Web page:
So, you have done your time in the therapy room, and you are now considering applying the training and knowledge you’ve acquired as a psychologist to the field of Human Resources. It is a big, brave and possibly scary step. Therefore, we reckon you might welcome a bit of guidance.
If you’re interested in pursuing a career in HR, it’s important to understand what skills, experience and qualifications employers are looking for. Therefore, knowing how best to transition from your current position to one in human resources will go a long way towards helping you to secure job interviews and more confidently embark on your new career path.
In this guide, we’ll shine a spotlight on the human resources industry, highlighting some of the advantages of transitioning to a role in this field, and revealing ten of the best pathways to make your career change as successful as possible. If you take heed of what we outline, you should find it will be a lot more seamless.
What do human resources professionals do?
Essentially, human resources professionals are responsible for managing and looking after an organisation’s workforce. They oversee the process of recruiting, interviewing, hiring and integrating new employees into the company. Additionally, they may also offer a range of other services such as those related to employee mental health or designed to minimise and resolve conflict resolution.
Other tasks human resources professionals might complete range from running and presenting training events, implementing new benefit schemes and even managing payroll. Typical roles include HR Manager, Employee Relations Manager, Recruitment Manager, Director of Employee Experience and Benefits Manager.
Why change careers to human resources?
Transitioning to a career in HR can be beneficial, regardless of where you are in your current career. For instance, although changing careers may affect your short-term income, by switching to a position you feel passionate about, you can boost your overall job satisfaction.
You may want to consider switching to HR if you are interested in improving the levels of social support within any given organisation or to implement diversity training programmes. Additionally, it might be worth making the change if you are interested in undertaking HR tasks like payroll, recruiting or training new employees or just want to use your skills and knowledge to help people in the workplace.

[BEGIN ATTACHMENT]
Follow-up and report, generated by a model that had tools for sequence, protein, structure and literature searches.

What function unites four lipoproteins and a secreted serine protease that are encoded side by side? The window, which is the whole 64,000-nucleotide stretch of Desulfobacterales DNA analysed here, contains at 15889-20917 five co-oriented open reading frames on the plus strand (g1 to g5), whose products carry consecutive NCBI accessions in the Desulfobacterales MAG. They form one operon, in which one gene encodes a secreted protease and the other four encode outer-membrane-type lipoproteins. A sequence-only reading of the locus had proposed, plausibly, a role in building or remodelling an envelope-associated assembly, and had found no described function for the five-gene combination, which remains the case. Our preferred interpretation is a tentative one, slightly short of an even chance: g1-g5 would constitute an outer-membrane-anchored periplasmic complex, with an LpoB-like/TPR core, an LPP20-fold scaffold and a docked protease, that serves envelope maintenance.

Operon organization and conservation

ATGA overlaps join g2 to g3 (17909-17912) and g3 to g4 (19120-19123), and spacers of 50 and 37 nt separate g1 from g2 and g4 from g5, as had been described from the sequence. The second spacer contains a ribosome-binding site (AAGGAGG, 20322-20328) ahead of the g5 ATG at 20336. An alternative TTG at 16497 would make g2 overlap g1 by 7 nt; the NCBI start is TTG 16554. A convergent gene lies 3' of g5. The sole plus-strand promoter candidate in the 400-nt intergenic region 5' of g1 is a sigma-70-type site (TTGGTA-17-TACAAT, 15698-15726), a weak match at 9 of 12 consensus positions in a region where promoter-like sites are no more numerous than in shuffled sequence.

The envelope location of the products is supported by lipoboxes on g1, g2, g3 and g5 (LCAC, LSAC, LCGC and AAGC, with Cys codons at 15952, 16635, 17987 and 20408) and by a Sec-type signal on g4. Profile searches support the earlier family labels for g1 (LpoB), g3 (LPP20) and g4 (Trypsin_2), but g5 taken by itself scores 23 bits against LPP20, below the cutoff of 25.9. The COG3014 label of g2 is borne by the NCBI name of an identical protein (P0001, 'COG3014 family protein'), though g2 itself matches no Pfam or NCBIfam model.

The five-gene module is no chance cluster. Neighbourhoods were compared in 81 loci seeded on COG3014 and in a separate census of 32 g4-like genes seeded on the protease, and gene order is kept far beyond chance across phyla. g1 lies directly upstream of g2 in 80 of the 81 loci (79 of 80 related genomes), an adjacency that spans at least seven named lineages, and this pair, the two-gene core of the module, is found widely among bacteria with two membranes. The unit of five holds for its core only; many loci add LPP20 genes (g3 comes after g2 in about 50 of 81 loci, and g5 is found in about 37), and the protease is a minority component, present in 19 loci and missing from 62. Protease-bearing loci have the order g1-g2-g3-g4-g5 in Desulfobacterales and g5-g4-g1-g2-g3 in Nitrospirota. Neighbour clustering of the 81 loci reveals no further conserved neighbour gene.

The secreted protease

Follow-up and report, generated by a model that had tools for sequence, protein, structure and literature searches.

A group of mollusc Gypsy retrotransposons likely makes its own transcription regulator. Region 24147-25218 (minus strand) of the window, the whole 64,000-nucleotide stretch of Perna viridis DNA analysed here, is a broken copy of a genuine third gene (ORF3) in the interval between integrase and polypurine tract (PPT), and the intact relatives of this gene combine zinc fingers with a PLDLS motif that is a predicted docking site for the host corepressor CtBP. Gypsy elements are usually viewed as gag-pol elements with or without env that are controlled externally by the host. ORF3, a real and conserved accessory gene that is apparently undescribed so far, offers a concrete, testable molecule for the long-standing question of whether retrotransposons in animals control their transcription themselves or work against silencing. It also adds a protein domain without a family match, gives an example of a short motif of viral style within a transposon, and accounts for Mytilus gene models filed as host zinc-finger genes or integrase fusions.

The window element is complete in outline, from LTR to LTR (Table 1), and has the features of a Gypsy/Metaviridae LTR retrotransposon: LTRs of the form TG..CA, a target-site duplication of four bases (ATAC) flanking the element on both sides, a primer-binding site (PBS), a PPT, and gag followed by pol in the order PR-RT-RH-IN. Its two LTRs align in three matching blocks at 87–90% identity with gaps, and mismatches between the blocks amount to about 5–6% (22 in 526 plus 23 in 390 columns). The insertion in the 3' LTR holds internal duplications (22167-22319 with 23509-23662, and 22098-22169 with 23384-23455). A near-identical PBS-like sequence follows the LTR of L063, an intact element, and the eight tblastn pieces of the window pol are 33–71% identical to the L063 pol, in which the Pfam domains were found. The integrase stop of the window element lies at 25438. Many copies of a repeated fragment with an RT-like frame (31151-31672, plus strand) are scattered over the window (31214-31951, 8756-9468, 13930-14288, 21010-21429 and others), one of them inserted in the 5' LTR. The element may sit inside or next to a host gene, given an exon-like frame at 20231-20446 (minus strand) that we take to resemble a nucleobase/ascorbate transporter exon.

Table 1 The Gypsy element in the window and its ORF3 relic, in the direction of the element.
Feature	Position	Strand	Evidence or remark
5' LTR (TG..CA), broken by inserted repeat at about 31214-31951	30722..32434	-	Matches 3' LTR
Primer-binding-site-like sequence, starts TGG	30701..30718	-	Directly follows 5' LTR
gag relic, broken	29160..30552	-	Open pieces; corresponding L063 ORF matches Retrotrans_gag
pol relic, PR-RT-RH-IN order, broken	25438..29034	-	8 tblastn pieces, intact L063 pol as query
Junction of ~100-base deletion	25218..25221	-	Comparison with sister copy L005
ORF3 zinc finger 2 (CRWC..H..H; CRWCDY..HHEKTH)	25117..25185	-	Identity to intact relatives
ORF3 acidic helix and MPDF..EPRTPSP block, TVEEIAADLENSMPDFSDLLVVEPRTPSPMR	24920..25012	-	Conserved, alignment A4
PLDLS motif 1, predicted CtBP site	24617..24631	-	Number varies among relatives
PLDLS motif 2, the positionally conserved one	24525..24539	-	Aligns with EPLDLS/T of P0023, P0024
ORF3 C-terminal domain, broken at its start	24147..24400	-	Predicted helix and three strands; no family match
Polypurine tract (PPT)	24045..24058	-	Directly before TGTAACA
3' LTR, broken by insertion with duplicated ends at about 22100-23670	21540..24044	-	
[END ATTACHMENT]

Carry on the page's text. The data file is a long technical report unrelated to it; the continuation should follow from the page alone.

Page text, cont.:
What skills are required to be successful in human resources?
To be successful as a human resources professional you need to possess a wide range of skills. These include leadership, communication, active listening and branding.
It wasn’t always the case, but many employers now consider modern HR professionals as business partners because they offer massive assistance in managing the company’s daily operations. Therefore, aspiring HR professionals should highlight their leadership experience, particularly in training and problem-solving and training. Moreover, social skills such as communication are essential for success. HR professionals should be able to communicate on the phone, face-to-face, or via email and with the required sensitivity to ensure employee’s confidence and dignity is kept intact and they feel a valued part of the organisation.
Human Resource professionals also use active listening skills to determine how to help employers evaluate, develop, and bring their employees’ potential to fruition. Subsequently, if you are updating your resume in an attempt to change careers, you would be wise to emphasise active listening as a transferable skill.
To recruit new employees and retain existing ones, HR professionals focus on maintaining, promoting and strengthening a company’s brand. This brand is often referred to as the culture of the company. You can improve it, through various personal and company initiatives such as pursuing a relevant HR certification or presenting relevant workshops to employees.
Best way to transition to a human resources career
If you are serious about changing from your current role as a psychologist to one within human resources, you are going to need a plan of action. Here are some of the main steps you can take.
1. Define your goals and needs
Before you take the leap into a new career in Human Resources, you it is a good idea to define your goals and needs.
Take the time to really think about what you want to achieve in your new role, what working environment you would like to be in and what your practical needs are. This will give you some clear direction to work with.
To help you make this decision, ask yourself what company you would want to work for, in what geographical area you would like to work and what kind of responsibilities you would like to be given e.g. recruiting, leading training etc
You should also make it clear in your own mind what type of role you are wanting to pursue, such as entry-level, middle management, director or executive. This will be particularly useful in the next step.
2. Update your CV
As you are changing careers to something completely new, you are going to need to update your CV to make it more relevant and explain your reasons for the change.
It is important to highlight your skills and not necessarily the roles you have previously held, as this is what recruiters will be looking for when it comes to ascertaining your suitability for the role.
Try to focus on the transferable skills and experience you have which will enable you to be successful in your role as a HR professional. Remember, the purpose of a CV is to get an interview. So, if you are struggling to produce something you are happy with, it might be a good idea to get the help of a seasoned CV writer, especially if they have experience in helping people to apply for HR roles.